Gelsolin pathogenic Gly167Arg mutation promotes domain-swap dimerization of the protein.Boni, F., Milani, M., Barbiroli, A., Diomede, L., Mastrangelo, E., de Rosa, M.
(2018) Hum Mol Genet 27: 53-65
- PubMed: 29069428
- DOI: 10.1093/hmg/ddx383
- Primary Citation of Related Structures:
- PubMed Abstract:
AGel amyloidosis is a genetic degenerative disease characterized by the deposition of insoluble gelsolin protein aggregates in different tissues. Until recently, this disease was associated with two mutations of a single residue (Asp187 to Asn/Tyr) in the second domain of the protein ...
AGel amyloidosis is a genetic degenerative disease characterized by the deposition of insoluble gelsolin protein aggregates in different tissues. Until recently, this disease was associated with two mutations of a single residue (Asp187 to Asn/Tyr) in the second domain of the protein. The general opinion is that pathogenic variants are not per se amyloidogenic but rather that the mutations trigger an aberrant proteolytic cascade, which results in the production of aggregation prone fragments. Here, we report the crystal structure of the second domain of gelsolin carrying the recently identified Gly167Arg mutation. This mutant dimerizes through a three-dimensional domain swapping mechanism, forming a tight but flexible assembly, which retains the structural topology of the monomer. To date, such dramatic conformational changes of this type have not been observed. Structural and biophysical characterizations reveal that the Gly167Arg mutation alone is responsible for the monomer to dimer transition and that, even in the context of the full-length protein, the pathogenic variant is prone to form dimers. These data suggest that, in addition to the well-known proteolytic-dependent mechanism, an alternative oligomerization pathway may participate in gelsolin misfolding and aggregation. We propose to integrate this alternative pathway into the current model of the disease that may also be relevant for other types of AGel amyloidosis, and other related diseases with similar underlying pathological mechanisms.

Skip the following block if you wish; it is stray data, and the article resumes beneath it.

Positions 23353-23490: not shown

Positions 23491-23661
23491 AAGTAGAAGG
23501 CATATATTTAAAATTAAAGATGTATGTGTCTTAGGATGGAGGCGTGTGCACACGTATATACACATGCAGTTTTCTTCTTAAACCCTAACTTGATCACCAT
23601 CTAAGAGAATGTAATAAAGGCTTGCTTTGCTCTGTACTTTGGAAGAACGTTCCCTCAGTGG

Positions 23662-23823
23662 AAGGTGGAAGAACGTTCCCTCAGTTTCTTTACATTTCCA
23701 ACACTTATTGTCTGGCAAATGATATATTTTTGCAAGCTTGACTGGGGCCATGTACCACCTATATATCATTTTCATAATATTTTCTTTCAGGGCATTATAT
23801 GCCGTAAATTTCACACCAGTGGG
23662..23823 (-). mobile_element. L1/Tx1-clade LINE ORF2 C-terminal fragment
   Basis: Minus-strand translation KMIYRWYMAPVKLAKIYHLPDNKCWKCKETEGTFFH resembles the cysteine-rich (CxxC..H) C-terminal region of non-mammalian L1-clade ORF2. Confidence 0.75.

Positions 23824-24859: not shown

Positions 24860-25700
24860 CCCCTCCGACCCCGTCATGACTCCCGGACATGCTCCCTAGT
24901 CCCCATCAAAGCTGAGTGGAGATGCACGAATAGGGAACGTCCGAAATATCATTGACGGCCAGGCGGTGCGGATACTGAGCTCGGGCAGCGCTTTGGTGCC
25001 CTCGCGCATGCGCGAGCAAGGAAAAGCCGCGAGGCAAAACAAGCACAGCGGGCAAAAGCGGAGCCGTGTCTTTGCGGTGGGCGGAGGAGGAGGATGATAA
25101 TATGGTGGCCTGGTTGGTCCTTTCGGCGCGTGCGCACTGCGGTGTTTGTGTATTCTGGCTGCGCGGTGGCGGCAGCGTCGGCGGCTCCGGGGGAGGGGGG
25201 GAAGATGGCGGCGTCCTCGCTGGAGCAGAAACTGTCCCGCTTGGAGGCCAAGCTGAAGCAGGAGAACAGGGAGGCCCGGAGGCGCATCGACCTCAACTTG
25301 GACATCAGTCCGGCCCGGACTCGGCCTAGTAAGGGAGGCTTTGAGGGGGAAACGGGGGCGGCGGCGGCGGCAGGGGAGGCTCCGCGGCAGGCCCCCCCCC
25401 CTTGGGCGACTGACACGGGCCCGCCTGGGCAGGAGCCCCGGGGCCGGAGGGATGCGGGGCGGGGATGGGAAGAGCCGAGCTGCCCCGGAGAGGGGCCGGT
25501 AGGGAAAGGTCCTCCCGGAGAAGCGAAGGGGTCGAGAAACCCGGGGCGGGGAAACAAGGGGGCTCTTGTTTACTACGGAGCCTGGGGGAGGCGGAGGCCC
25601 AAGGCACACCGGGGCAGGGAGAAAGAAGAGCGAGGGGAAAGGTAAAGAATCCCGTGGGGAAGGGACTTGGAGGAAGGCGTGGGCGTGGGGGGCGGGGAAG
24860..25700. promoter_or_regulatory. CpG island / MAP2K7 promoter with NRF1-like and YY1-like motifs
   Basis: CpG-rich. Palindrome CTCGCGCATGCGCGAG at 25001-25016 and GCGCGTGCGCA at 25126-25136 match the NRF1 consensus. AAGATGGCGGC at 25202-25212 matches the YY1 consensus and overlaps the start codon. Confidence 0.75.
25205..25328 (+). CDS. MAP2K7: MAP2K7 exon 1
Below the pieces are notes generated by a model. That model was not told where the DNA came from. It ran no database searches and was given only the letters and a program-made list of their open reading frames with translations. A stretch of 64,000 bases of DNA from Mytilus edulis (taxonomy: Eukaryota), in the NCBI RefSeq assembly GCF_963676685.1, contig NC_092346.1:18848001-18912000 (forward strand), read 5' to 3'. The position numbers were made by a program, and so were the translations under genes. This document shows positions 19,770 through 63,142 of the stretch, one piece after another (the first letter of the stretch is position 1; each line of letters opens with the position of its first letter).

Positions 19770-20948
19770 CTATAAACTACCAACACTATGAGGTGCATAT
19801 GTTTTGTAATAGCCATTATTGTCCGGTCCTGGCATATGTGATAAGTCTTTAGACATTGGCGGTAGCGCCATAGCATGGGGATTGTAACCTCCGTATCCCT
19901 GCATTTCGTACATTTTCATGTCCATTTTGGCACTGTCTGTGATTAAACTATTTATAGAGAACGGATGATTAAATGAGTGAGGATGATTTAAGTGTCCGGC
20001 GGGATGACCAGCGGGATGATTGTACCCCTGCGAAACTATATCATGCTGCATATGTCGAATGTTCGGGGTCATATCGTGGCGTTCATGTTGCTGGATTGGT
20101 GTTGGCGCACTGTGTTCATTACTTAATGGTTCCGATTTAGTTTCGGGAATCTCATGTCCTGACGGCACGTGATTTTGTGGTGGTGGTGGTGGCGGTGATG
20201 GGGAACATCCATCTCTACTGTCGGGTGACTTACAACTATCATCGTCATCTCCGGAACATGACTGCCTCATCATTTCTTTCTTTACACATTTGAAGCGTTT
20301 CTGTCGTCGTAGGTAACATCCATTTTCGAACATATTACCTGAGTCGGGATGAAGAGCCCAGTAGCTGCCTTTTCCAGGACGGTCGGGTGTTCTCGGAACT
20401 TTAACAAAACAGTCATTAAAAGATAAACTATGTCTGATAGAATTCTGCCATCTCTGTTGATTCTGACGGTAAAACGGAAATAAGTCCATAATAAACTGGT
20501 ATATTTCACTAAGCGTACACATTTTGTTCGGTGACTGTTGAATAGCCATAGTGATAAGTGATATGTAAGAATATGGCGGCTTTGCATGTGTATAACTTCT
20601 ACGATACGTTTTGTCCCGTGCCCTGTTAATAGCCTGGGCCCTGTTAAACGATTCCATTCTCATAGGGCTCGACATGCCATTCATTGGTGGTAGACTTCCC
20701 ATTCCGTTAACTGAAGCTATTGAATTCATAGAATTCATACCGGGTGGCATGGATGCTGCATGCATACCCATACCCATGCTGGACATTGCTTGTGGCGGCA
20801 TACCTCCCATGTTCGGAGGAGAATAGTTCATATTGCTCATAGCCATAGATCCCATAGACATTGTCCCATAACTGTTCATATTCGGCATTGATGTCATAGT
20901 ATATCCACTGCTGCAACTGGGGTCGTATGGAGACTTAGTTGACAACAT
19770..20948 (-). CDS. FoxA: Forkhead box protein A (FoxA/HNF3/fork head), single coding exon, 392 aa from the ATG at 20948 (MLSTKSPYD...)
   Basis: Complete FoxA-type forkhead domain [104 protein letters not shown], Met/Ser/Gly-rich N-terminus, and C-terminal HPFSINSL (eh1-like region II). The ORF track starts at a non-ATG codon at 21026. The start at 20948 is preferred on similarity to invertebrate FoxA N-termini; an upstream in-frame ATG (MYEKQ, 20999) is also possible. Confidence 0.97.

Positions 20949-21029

CNR Istituto di Biofisica, c/o Dipartimento di Bioscienze, Università degli Studi di Milano, 20133 Milan, Italy.